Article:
This episode of Downton Abbey covered a ridiculous amount of time, I'd say probably six months of 1918 are crammed into this one hour installment. Ridiculous? Yes. Fun? Absolutely. :) Here's the episode summary from the Masterpiece Classic website:
1918The simmering conflict between Cora (Elizabeth McGovern) and Isobel (Penelope Wilton) over the management of the convalescent hospital at Downton Abbey boils over this week, and I have to say I come down whole-heartedly on Cora's side. Isobel is a whiny, entitled, immature BRAT. When she was introduced last season I rather admired her no-nonsense approach to life and her son's status as Downton's new heir, but clearly her proximity with aristocratic power has gone to her head. Seriously, an adult woman of Isobel's age throwing the equivalent of a toddler's hissy fit (the whole "I want to be needed! I'LL GO TO FRIGGIN' FRANCE!" thing cracked me up) is ridiculous. It's not your house YET Isobel, get over your stupid self. Relieved for once to see her out of the picture for a while. *sigh* Cora's schedule changes were completely reasonable (I really liked that she was paying attention to the needs of her staff), plus Downton is still her FLIPPIN' HOUSE for goodness' sake.
Mary's new alliance has aroused Violet's interest in matters of suitability and love. With Sybil in mind, the Dowager Countess declares, "war breaks down barriers and when peacetime re-erects them, it's very easy to find oneself on the wrong side." Indeed, among war's greatest casualties at Downton are the prescribed roles and class boundaries. Thomas is exerting his authority over the servants with aplomb; Mrs. Patmore, Daisy and Mrs. Bird are cooking up a little something on the side; and Ethel has discovered an age-old way to support the war effort. But between Robert and Bates, faith and loyalty transcend class, offering hope when Robert needs it most. Because now, the war has threatened a far more serious casualty.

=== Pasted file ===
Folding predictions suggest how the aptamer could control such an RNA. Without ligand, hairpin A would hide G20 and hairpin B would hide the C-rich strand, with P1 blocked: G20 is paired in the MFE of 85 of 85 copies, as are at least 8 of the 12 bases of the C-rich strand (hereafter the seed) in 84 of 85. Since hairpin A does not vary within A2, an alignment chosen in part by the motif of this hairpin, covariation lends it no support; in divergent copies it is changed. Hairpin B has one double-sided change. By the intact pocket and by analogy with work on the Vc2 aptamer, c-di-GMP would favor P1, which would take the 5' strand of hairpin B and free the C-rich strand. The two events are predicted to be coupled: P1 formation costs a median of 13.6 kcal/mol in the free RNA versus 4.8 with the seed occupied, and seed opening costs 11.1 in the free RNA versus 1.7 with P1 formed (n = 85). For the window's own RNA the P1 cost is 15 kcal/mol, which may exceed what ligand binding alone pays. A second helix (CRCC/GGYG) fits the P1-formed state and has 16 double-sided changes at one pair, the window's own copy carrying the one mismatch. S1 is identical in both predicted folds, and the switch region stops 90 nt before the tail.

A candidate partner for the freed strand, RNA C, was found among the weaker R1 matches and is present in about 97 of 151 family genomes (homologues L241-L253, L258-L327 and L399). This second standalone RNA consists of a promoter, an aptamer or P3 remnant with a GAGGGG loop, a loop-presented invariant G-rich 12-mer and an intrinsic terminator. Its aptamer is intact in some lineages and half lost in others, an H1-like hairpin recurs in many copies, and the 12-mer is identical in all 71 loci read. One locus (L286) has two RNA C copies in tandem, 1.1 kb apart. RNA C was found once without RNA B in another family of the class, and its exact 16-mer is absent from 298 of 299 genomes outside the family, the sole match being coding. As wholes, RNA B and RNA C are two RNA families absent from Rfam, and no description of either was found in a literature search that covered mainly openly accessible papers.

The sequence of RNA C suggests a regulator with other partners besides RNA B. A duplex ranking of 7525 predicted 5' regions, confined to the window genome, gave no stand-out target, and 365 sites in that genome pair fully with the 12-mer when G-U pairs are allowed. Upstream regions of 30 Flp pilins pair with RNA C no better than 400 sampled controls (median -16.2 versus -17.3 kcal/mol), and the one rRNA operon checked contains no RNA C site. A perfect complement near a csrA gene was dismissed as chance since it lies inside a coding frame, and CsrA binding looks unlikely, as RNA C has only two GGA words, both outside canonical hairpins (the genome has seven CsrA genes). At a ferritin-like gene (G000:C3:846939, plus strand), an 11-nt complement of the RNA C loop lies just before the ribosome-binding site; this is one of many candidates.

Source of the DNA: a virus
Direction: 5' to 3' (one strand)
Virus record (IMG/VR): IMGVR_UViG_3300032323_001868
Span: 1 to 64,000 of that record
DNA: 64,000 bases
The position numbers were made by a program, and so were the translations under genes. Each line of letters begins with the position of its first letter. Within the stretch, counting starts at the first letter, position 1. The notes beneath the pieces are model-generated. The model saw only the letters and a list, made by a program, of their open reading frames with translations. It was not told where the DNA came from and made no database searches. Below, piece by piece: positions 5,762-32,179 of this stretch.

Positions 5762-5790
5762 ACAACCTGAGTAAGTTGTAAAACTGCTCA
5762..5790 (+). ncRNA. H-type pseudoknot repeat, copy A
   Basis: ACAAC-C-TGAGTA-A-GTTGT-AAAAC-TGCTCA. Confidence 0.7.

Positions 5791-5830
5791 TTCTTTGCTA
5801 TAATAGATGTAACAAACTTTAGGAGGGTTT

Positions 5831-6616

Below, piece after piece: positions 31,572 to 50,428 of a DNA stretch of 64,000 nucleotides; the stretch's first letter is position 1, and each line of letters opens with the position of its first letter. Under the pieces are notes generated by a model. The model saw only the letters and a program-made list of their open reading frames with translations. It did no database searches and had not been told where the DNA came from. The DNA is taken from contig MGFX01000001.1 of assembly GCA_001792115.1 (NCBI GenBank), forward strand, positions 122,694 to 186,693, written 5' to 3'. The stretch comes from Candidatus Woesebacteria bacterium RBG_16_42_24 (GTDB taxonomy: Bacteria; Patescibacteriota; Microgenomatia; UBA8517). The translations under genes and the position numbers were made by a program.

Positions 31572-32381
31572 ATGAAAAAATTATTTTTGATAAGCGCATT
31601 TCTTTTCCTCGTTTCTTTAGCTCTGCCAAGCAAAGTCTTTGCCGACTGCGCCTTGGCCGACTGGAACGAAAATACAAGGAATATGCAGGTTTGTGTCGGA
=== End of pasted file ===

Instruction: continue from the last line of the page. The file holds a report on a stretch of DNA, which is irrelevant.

Now that there is no turning back from transforming Downton into a hospital and Mary seems resolved not to break up Matthew's engagement to Lavinia, Violet (Maggie Smith) seems itching for a new area where she can meddle with her inimitable style and sass. In a conversation with Mary (Michelle Dockery), Violet speculates that Sybil (Jessica Brown Findlay) must be crushing on a man beneath her social station since war breaks down class barriers and causes people to do all sorts of CRAZY things like that. (My question here is, even if Branson wasn't in the picture as far as Sybil is concerned, who the heck does Violet think she's going to fall for with most of the men her age 1) fighting at the front or 2) in a hospital ward?) ANYWAYS....this conversation puts Mary on the alert and she is shocked to discover her sister IN CONVERSATION with the CHAUFFEUR. Oh the scandal...(seriously Mary, give Sybil some credit, at least she was talking with him outdoors, in public as opposed to your episode with the Turkish diplomat...).